Okay, I see now, I was looking at your density plots from the last post, not the first one on this subject.  Sorry, reading these posts too fast. :P  Still, the density difference does seem small in comparison to the massive difference in altitudes that you're showing between what's being modeled and what's being flown in KSP.  Of course, that could be poor intuition on my part, too.  What would be interesting is to see what happens if you turn off the Kerbin atmosphere in KSP (is that possible in the debug menu?) and then turn off drag in LVD.  If your planned and flown trajectories are much closer then, then we'll know the difference is in atmosphere modeling.  Is that something you'd be able/willing to look into?

Regarding the chart: There's no discernible difference in the LVD adjusted plot between what and what?

I can look into changing the max allowable thrust profile scale factor, but it's not as straight forward as it sounds as there's something bounds checking code that depends on having a known, fixed maximum scale factor in there.  I guess I could always just set the max to be 2 or 10 or something like that...

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43 minutes ago, Arrowstar said:

Is that something you'd be able/willing to look into?

I should be able to make a few tweaks to Kopernicus configs to shut down the atmosphere. I'll look into it

43 minutes ago, Arrowstar said:

There's no discernible difference in the LVD adjusted plot between what and what?

I didn't know if you wanted to also see the LVD Adjusted output but it drew right on top of the LVD Smooth, there was no visible difference

44 minutes ago, Arrowstar said:

I guess I could always just set the max to be 2 or 10 or something like that...

1.5 would be fine. if it's too much trouble, I can actually just edit the curve myself to max out at 1

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2 hours ago, Drew Kerman said:

I should be able to make a few tweaks to Kopernicus configs to shut down the atmosphere. I'll look into it

yea so it's a simple true/false flag to switch off the atmosphere using Kopernicus but as I launched and saw the vaporous engine plume I realized disabling drag in LVD won't be enough since the atmosphere in LVD will still be there to affect the thrust of the engine - right?

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5 minutes ago, Drew Kerman said:

yea so it's a simple true/false flag to switch off the atmosphere using Kopernicus but as I launched and saw the vaporous engine plume I realized disabling drag in LVD won't be enough since the atmosphere in LVD will still be there to affect the thrust of the engine - right?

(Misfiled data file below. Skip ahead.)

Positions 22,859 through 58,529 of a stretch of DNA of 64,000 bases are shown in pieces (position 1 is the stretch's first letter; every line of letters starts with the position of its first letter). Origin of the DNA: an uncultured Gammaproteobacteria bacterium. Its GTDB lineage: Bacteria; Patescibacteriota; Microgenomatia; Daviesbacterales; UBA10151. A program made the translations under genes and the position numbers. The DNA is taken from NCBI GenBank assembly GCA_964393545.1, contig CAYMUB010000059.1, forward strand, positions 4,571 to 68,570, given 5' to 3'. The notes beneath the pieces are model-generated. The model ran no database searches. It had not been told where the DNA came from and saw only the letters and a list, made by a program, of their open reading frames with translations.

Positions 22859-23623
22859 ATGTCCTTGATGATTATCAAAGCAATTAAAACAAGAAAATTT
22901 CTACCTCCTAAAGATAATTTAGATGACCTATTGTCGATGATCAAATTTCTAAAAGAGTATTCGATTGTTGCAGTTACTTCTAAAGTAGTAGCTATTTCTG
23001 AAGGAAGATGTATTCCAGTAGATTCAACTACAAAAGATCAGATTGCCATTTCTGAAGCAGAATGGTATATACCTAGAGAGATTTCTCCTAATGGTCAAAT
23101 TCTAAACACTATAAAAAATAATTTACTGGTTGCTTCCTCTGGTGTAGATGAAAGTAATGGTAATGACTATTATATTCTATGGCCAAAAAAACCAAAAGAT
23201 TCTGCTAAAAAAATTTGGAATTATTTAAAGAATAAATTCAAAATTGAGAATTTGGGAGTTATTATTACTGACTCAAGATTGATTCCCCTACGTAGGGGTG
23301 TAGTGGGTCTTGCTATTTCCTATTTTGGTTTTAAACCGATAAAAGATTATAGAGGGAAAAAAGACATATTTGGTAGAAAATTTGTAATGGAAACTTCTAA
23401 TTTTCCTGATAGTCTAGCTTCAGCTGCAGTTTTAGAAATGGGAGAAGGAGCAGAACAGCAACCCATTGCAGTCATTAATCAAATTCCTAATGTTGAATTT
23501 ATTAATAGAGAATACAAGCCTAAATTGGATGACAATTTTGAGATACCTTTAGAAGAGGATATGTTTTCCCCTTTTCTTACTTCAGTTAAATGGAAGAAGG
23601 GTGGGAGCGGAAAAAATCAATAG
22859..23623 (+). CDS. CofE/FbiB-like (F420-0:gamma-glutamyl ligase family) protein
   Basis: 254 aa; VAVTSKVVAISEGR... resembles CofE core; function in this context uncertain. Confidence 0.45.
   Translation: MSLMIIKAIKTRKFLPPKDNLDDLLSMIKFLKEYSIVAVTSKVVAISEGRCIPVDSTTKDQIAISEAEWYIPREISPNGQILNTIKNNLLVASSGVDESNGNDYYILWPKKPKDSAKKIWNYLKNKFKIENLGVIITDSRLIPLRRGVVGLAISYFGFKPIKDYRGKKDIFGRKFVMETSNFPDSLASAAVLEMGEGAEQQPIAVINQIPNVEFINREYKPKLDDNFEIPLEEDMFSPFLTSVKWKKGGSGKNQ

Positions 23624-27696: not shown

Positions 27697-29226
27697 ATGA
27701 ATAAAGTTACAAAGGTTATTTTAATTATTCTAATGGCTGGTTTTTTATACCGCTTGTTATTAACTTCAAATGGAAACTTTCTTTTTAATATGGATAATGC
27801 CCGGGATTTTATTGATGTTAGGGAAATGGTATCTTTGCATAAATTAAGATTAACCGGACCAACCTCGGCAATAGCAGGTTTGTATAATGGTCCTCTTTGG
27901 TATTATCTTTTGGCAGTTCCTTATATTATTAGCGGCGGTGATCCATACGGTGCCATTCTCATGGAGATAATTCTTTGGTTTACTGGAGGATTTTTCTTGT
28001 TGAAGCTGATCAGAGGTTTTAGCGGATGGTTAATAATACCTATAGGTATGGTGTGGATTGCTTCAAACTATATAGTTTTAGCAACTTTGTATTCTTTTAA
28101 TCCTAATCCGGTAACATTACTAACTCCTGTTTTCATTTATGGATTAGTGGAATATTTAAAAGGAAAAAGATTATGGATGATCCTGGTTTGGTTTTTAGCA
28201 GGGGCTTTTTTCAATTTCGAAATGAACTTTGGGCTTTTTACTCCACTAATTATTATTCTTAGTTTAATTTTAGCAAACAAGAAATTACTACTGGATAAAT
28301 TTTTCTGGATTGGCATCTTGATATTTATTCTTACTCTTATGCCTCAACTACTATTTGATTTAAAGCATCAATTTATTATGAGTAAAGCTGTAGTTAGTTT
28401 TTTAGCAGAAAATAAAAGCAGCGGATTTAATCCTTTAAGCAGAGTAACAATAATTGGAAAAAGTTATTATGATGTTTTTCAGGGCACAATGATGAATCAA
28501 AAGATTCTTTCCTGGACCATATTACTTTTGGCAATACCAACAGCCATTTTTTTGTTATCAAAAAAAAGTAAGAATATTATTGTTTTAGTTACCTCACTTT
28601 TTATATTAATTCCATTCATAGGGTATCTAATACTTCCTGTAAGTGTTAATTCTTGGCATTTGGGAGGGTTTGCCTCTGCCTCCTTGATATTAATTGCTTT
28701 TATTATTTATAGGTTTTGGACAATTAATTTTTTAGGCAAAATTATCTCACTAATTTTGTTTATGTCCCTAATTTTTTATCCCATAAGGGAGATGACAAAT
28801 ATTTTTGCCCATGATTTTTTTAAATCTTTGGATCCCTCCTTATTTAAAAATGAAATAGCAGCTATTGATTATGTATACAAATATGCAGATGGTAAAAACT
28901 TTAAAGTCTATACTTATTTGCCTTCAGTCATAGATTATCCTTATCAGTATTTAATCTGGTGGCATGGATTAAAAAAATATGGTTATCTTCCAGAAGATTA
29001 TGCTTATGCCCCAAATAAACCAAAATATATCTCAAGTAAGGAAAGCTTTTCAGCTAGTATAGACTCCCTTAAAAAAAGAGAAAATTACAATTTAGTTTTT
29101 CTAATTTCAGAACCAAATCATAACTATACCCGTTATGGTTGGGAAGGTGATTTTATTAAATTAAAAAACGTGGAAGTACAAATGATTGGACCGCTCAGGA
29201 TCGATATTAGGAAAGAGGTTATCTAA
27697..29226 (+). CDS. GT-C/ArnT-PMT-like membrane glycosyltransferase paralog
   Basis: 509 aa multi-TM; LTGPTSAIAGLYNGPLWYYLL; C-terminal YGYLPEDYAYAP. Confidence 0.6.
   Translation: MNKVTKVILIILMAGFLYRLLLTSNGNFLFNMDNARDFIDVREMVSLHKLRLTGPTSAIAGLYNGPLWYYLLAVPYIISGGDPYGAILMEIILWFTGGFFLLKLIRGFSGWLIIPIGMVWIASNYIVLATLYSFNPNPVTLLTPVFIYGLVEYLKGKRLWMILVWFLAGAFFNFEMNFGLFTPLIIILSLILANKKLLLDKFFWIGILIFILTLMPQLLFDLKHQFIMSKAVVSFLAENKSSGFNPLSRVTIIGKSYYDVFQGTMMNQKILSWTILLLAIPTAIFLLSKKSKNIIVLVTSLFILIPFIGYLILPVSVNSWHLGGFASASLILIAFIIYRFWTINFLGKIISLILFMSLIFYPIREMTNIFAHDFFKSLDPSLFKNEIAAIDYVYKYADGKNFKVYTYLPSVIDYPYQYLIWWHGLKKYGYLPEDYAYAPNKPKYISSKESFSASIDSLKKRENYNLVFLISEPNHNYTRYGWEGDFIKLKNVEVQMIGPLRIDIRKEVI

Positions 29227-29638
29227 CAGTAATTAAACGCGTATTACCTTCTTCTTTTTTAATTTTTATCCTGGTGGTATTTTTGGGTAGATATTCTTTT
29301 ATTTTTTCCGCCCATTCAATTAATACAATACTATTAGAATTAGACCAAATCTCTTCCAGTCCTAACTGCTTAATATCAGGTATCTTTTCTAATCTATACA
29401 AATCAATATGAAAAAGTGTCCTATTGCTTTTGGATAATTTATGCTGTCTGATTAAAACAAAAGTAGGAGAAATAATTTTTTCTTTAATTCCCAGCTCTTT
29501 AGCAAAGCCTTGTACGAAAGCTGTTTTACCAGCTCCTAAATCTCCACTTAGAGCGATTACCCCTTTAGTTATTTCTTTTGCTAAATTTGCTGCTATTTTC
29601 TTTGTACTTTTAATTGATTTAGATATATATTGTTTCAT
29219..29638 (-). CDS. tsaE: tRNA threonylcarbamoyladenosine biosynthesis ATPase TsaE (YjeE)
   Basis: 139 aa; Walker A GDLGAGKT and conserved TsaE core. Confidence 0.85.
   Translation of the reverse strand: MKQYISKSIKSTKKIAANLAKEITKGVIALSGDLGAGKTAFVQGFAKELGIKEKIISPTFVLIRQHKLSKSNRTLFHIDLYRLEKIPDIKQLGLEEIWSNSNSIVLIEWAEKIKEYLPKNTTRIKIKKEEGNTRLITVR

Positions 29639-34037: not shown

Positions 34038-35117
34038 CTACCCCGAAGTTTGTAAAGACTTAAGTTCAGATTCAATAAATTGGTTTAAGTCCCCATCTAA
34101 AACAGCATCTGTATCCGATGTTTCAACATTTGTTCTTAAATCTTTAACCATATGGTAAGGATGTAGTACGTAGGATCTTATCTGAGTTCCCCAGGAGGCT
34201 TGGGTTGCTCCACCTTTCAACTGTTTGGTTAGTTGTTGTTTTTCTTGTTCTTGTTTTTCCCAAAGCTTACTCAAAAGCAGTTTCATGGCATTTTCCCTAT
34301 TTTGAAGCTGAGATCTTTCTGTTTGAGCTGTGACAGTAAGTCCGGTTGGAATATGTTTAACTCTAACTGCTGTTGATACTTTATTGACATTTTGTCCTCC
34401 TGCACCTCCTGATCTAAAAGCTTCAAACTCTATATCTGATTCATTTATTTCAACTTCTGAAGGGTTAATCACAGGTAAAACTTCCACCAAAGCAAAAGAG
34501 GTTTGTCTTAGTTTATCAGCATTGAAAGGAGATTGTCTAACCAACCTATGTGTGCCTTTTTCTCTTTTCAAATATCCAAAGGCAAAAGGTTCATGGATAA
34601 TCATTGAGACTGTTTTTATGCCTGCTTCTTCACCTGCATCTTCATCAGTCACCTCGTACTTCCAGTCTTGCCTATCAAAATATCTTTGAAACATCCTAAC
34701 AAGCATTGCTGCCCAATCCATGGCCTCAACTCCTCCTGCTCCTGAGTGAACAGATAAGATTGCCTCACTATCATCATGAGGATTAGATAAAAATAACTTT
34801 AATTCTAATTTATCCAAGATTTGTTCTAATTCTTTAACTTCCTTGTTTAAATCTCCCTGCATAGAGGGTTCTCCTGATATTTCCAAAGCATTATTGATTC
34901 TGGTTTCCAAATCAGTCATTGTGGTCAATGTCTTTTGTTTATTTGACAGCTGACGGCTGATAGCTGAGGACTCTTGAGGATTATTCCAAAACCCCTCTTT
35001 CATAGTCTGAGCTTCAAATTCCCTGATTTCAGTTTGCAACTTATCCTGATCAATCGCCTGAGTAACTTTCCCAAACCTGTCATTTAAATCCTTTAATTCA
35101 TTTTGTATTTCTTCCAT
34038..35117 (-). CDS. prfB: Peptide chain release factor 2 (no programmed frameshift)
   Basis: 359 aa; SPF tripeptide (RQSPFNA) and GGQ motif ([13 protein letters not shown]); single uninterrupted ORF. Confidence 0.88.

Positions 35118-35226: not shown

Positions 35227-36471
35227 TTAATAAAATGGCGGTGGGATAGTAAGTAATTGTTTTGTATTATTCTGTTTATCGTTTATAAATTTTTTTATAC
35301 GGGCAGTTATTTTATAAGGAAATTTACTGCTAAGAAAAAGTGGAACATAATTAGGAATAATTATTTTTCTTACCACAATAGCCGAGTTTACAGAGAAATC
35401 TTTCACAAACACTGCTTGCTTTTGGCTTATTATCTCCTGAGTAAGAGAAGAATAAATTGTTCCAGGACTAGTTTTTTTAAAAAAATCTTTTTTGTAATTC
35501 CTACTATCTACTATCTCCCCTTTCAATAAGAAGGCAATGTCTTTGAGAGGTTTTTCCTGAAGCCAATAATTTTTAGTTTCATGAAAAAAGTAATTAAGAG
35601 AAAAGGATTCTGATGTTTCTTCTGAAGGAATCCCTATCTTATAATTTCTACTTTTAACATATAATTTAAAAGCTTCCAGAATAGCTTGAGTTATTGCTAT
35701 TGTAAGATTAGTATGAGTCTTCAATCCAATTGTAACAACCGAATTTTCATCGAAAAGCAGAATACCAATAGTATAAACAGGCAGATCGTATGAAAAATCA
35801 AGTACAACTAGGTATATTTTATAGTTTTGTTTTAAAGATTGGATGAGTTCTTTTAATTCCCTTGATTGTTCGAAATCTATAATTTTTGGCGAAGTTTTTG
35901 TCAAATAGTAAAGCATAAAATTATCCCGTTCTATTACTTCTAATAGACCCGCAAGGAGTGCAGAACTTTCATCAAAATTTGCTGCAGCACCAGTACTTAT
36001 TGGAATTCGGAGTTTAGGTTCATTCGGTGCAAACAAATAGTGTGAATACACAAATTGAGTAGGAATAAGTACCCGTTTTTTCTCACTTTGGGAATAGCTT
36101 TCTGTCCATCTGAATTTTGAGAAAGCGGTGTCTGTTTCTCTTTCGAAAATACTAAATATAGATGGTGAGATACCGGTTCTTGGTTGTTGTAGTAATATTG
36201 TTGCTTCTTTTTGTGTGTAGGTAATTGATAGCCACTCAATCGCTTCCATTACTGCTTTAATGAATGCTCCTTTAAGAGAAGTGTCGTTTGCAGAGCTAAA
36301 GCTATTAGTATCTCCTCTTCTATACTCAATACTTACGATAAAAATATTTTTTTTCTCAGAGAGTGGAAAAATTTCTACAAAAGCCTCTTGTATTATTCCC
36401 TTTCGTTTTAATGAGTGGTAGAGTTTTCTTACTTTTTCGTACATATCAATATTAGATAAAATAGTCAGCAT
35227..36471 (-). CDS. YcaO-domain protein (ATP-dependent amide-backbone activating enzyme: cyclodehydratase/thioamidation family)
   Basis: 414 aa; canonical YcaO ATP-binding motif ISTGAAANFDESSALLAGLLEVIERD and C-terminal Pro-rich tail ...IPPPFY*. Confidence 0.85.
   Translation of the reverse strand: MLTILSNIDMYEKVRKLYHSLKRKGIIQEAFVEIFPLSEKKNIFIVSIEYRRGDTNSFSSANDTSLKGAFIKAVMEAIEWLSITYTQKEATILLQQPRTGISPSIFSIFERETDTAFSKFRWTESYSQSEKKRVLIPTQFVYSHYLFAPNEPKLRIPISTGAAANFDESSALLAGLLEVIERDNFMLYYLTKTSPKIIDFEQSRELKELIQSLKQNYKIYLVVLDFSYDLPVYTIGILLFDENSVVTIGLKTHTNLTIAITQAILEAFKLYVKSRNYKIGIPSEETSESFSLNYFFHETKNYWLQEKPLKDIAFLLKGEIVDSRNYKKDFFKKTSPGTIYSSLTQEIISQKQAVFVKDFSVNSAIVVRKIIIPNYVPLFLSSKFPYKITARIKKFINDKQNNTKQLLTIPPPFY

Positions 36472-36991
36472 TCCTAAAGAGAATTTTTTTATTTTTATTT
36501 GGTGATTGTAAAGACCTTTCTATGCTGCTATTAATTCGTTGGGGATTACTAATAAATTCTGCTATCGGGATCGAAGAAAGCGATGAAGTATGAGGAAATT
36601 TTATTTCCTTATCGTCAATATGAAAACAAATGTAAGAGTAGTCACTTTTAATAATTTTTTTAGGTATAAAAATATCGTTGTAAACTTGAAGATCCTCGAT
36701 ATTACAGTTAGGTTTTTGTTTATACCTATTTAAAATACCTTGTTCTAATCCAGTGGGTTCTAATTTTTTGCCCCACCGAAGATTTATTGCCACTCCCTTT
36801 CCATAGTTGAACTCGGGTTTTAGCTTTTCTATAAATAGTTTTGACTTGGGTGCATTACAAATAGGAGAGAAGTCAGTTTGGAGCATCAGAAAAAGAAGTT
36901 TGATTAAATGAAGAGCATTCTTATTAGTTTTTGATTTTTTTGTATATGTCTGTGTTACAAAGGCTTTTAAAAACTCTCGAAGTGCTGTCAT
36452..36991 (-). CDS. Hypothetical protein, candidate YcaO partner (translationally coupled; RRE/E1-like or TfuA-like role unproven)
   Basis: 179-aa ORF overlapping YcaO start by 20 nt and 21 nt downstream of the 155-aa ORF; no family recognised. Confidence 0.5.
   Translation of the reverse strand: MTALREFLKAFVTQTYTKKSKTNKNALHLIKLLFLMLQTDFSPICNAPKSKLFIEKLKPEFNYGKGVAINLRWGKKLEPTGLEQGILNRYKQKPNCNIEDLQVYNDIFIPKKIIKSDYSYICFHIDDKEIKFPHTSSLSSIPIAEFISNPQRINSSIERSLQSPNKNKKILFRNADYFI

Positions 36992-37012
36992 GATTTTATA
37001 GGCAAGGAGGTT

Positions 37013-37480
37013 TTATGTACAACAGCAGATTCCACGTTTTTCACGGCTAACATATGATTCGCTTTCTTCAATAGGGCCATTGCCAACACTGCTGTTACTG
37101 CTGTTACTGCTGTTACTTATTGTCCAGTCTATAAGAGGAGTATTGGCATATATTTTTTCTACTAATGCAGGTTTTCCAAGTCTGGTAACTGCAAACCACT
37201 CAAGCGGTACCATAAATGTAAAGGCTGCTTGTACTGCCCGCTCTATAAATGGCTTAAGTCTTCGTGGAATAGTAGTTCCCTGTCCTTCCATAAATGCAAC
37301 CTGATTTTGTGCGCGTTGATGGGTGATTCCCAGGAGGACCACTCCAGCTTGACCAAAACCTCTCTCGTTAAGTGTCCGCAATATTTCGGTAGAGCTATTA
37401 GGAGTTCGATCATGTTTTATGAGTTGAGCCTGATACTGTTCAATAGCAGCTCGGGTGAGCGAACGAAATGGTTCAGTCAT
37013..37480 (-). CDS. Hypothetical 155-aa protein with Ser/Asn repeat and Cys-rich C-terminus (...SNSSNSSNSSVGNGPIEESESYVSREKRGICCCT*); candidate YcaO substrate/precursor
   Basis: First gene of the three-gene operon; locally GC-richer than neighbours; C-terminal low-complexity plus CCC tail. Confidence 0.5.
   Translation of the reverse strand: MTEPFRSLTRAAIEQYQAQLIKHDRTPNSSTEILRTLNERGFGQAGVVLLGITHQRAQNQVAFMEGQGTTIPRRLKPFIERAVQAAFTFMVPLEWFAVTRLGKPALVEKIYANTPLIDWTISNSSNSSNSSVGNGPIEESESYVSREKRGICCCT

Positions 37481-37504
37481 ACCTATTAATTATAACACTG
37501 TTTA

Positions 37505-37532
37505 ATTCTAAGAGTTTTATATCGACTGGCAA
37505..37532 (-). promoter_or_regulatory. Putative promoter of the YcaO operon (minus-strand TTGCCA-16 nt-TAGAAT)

Well, you could just change your engine parameters to be vacuum levels regardless of atmosphere pressure.  That would be easier than changing the bodies.ini file and recreating the mission again I would assume.

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1 hour ago, Arrowstar said:

Well, you could just change your engine parameters to be vacuum levels regardless of atmosphere pressure

Oh, right. Okay, I just have to get this stupid engine gimbal to work now. I can't use my fin control surfaces obviously :P right now the engine can't gimbal enough to pitch over downrange it seems. Rocket wants to fly the wrong way

Aha, it just so happens the engine I'm using had an error in its .cfg file for the engine gimbal thrust transform. Figures. Ok, let's see how this turns out...

Edited by Drew Kerman

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Alright assuming I did this all right, here again is altitude over time with atmosphere:

jUOahm6.png

And here it is without atmosphere:
Bodf4L1.png

I see an improvement, but there's still something off. Here is the LVD file so you can check that I set things up properly. I know in the game the atmosphere was definitely gone - the engine exhaust was fully expanded, all the FAR readouts were 0 and the engine was putting out max thrust for vacuum. The LVD file has all the drag update events removed, all the sequential events have only the Thrust force selected and the engine has its thrust and ISP the same for vacuum and sea level.

I'm burnt for the day, which means I'm not thinking of anything new to try or do or plot but if you have any ideas on what I should do I will hop on it.

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1 hour ago, Drew Kerman said:

Alright assuming I did this all right, here again is altitude over time with atmosphere:

jUOahm6.png

And here it is without atmosphere:
Bodf4L1.png

I see an improvement, but there's still something off. Here is the LVD file so you can check that I set things up properly. I know in the game the atmosphere was definitely gone - the engine exhaust was fully expanded, all the FAR readouts were 0 and the engine was putting out max thrust for vacuum. The LVD file has all the drag update events removed, all the sequential events have only the Thrust force selected and the engine has its thrust and ISP the same for vacuum and sea level.

I'm burnt for the day, which means I'm not thinking of anything new to try or do or plot but if you have any ideas on what I should do I will hop on it.

Okay, thanks for looking into this!  Definitely a good effort.  The only two forces that should be acting on the vehicle at this point are gravity and thrust.  I would first check that the gravitational parameter of Kerbin is the same in LVD and KSP.  Next thing I would look at is making sure that the pitch profile is being executed as closely as possible to what's in LVD.  If that doesn't match, then the thrust vector will be wrong and you'll see differences.